Dan Creekmur
Senior Vice President, Chief Sustainability Officer, NiSource Inc.


October 05, 2023


It would be an understatement to say energy utilities play a critical role in the lives of those who live and work in the communities we serve. We use this energy—which we generally take for granted as we go about our daily activities—to heat, cool and illuminate our homes and workplaces, cook our food, power our devices and connect us to the larger world. It is, in fact, an indispensable resource.

While a large portion of this energy continues to be generated using traditional processes, an increasing share of it comes to us via a fast-growing variety of new-generation and emerging technologies. Additionally, in the future, with the recent breakthrough in nuclear fusion energy technology, the possibility of clean energy sources will continue to evolve.

This shift to new energy technologies is a complex task. Not only must utilities continue to leverage existing infrastructure to satisfy the current requirements of their commercial, industrial and residential customers, but they must also simultaneously set about modernizing systems and creating new solutions that are scalable, cost-efficient, and environmentally and economically sustainable.

It is important to understand that while different groups of energy stakeholders may have different needs, they also have a shared interest in the development and deployment of new energy solutions that may benefit some stakeholders today and a broader range of users  in the days ahead. And identifying these overlapping interests can serve as an important tool for mapping the path forward.

Utilities—as members of this broader community—are responsible for ensuring they make the most of every opportunity to expand and develop safe, reliable and sustainable energy. In fact, the best way to honor and protect the interests of utility customers in this new era of energy is to pursue sustainable, environmentally sound energy solutions. In this regard, stakeholder engagement is crucial.

At NiSource, we understand that we must put all our customers—our residential, commercial and business customers and their communities—at the center of all we do. We believe that utilities have a responsibility to provide the best, most reliable and sustainable service available to all their customers on a fair and equitable basis.

How NiSource plans for the future is intentionally labeled, “Your Energy, Your Future,” because it’s a future that we all share. And the decisions we make have an equal and lasting effect on the customers and communities we serve, just as much as they have on our company.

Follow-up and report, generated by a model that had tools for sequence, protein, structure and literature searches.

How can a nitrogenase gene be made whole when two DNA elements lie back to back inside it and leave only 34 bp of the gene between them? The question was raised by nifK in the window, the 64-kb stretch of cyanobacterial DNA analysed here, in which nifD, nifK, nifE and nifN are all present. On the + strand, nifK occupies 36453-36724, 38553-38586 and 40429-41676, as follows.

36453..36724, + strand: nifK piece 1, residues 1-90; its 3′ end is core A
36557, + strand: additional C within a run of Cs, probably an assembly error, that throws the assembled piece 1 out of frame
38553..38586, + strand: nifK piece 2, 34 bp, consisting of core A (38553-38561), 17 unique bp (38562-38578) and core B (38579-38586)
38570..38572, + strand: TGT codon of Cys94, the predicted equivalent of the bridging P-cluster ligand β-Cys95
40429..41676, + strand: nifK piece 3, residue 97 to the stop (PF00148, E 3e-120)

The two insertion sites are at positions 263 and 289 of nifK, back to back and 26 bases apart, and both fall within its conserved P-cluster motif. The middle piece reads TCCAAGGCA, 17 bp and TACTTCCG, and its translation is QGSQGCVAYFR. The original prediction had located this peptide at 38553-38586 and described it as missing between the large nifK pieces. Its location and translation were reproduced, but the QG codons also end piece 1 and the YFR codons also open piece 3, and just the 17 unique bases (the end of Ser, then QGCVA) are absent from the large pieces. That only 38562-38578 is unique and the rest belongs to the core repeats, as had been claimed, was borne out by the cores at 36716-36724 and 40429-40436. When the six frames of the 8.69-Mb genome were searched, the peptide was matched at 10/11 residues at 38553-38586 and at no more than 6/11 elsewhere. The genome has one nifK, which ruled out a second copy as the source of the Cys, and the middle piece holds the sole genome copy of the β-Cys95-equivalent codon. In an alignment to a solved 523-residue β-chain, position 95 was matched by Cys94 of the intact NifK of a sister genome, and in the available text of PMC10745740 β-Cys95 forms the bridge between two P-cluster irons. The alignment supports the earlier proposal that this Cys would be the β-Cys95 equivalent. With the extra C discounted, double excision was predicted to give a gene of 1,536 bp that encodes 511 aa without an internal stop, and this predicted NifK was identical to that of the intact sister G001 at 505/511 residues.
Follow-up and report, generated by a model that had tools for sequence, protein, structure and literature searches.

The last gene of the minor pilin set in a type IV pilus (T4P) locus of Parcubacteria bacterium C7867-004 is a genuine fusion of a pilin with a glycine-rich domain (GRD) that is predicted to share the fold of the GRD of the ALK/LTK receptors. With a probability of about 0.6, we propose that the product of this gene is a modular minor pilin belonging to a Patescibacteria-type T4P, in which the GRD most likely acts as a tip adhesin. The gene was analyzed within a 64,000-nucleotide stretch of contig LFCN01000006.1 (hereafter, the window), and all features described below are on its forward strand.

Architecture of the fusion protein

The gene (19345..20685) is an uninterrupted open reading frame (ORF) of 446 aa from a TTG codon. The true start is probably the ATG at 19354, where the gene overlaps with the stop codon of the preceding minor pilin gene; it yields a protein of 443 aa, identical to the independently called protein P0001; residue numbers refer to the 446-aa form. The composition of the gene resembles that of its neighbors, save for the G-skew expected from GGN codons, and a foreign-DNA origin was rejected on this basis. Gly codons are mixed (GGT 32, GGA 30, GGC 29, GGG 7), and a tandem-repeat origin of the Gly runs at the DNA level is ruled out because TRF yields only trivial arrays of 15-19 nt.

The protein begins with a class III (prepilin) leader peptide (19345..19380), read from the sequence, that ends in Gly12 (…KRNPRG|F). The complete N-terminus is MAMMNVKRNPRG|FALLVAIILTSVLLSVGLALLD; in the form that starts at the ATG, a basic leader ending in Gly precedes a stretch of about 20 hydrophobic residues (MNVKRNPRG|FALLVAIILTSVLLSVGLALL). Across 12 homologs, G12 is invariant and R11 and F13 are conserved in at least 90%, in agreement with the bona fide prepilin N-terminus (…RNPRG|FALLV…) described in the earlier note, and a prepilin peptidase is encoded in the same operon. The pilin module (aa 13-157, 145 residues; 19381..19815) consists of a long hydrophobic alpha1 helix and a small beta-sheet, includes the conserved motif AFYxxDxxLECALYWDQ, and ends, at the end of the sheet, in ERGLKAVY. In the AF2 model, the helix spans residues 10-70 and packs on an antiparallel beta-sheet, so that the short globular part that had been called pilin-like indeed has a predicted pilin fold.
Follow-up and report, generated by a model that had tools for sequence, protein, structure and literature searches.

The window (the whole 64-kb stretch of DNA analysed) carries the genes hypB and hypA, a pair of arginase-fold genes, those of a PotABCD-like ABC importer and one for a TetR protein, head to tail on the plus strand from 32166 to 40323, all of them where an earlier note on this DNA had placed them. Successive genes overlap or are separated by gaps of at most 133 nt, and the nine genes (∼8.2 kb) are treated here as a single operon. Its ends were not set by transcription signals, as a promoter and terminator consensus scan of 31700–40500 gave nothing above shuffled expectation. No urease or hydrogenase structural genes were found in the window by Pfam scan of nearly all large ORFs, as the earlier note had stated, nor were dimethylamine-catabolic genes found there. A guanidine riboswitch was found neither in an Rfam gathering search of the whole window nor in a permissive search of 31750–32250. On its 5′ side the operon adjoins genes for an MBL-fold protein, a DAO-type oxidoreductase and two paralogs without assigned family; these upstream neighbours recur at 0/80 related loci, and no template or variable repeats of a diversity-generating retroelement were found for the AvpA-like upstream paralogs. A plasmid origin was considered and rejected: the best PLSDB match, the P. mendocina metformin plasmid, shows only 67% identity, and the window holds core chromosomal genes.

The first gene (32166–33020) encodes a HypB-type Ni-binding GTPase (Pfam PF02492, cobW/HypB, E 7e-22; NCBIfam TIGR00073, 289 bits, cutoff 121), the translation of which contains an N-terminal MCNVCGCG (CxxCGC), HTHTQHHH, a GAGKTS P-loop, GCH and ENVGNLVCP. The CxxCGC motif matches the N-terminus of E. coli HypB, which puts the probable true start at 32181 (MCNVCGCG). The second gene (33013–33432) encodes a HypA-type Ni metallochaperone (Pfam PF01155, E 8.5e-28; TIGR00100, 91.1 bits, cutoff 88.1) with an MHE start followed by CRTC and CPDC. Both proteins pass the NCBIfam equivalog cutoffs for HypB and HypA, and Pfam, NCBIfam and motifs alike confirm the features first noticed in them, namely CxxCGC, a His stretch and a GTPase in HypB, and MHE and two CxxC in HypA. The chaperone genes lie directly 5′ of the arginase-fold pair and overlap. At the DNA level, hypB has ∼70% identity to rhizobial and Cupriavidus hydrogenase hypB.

Engagement is an essential part of the Your Energy, Your Future initiative. That’s because varied stakeholders generate a broad and diverse set of important ideas that utilities can leverage in building a resilient energy system to best serve the needs of customers—both now and in the years ahead.

We believe that utilities must serve as facilitators—soliciting, collecting and examining vital information from customers across their service areas in order to identify connections between the needs of various stakeholder groups. By working to tease out and understand these shared needs and interests, utilities gain the ability to act on this information to maximize benefits to some stakeholders in the short term, and to plan pathways for extending those benefits to an even broader set of energy consumers in the future.

At NiSource, for example, our examination of information collected through this kind of stakeholder outreach provided us with an opportunity to help advance the Port of Indiana’s efforts to electrify portions of its vehicle fleet—and simultaneously assist an electric trucking company’s effort to establish a hub using shared infrastructure.

By working to address and satisfy the energy needs and goals shared by unrelated stakeholders, utilities can cultivate a level of operational synergy that strengthens overall energy resilience for all customers and their communities. That is why it is important for utilities to embrace their roles as facilitators, remain sensitive to the needs of all of those they serve and look closely for useful connections between stakeholder groups.

It is undeniable that information gathered through robust outreach generates insights that are essential to utilities’ efforts to provide safe, reliable and sustainable energy services. Through this approach, energy utilities can anticipate and address the many economic, environmental, technological and regulatory challenges they face on a daily basis. By cultivating and facilitating trust and cooperation among all stakeholders, energy utilities can design a balanced path forward into our shared energy future and ensure that all users can enjoy the benefits of that future on an equitable basis.

About the authors

Dan Creekmur

Senior vice president, chief sustainability officer at NiSource Inc.